Allah swt is Ash-Shakur, the One who is appreciative of the tiniest actions we send forth and rewards them beyond our imagination.
Two recommended duas that are great for wellbeing and take less than a minute are:
Transliteration: Allaahumma ‘innee ‘as’alukal-‘afwa wal’aafiyata fid-dunyaa wal’aakhirati,
Allaahumma ‘innee ‘as’alukal-‘afwa wal’aafiyata fee deenee wa dunyaaya wa ‘ahlee, wa maalee,
Allaahum-mastur ‘awraatee, wa ‘aamin raw’aatee, Allaahum-mahfadhnee min bayni yadayya, wa min khalfee, wa ‘an yameenee, wa ‘an shimaalee, wa min fawqee, wa ‘a’oothu bi’adhamatika ‘an ‘ughtaala min tahtee
Another one I love is:
Transliteration: Yaa Hayyu Yaa Qayyoom bi Rahmatika astagheeth, Aslih lee sha’nee kullahu wa laa takilni ilaa nafsi tarfata ‘ayn.
Recite these duas as often as possible especially when you’re struggling to do anything.
I also recommend downloading the Dhikr and Dua app for more duas.
3. Take advantage of moments of inspiration
One thing I love about Islam is the emphasis on sincerity. Sincerity is the ultimate multiplier and it’s important for us not to fall into the pits of despair when we can’t do big actions.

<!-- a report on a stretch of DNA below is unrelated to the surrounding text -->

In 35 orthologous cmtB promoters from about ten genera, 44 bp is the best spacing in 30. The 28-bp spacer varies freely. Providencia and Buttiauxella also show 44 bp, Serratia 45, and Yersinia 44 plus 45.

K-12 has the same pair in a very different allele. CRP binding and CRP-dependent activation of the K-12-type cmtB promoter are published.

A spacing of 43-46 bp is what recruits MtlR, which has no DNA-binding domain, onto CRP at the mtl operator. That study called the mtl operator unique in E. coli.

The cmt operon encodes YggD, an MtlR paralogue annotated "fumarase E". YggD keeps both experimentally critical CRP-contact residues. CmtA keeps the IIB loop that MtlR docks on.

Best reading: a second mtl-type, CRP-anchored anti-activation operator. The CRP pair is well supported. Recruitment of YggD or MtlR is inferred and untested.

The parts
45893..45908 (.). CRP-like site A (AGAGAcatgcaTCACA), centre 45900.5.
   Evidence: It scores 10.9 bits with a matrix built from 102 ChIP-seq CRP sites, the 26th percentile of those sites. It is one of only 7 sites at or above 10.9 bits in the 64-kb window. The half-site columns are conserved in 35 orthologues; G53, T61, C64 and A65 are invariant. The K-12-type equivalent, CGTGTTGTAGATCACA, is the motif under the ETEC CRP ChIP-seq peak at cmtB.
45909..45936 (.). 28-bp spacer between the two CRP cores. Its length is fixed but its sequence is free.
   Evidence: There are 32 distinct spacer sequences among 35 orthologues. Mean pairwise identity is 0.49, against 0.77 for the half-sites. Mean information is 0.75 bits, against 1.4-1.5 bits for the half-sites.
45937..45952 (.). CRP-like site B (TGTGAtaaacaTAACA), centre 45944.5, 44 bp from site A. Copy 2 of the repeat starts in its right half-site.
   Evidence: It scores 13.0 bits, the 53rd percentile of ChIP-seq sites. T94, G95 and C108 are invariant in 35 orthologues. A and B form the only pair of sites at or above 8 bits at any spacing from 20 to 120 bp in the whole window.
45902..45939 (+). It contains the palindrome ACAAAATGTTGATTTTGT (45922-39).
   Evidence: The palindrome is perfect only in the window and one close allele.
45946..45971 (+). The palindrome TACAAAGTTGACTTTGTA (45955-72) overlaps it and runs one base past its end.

Focus on the doors Allah has opened for you and trust me when I say there will be doors.
One recurring theme with me in moments I’m really down and feeling distant from Allah is something makes me sneeze forcefully and and after saying Alhamdulilah, I think to myself, that sneeze is a mercy from Allah to pull me closer by giving me the opportunity to remember him and praise him.
What if your smile in the face of your brother or sister even in your moments of despair is the deed of yours that is beloved to Allah?
Or the moment you took to offer a kind word to someone?
Or the charity you gave that took away the burden of your fellow Muslim?
Certain doors may feel closed right now but other doors are open. Walk through them.
4. Lean On Community
I’ve become really appreciative of collective gatherings and spaces. They make a huge difference for me especially when I am struggling with willpower or my motivation is low. Being able to join group adhkar sessions before going to bed or hopping on a Zoom call where a friend recites Surah Kahf on Thursday evenings can be an incredible iman boost.
In my journey, I’m definitely learning to lean on other people when I’m struggling and seeing it as a mercy from Allah.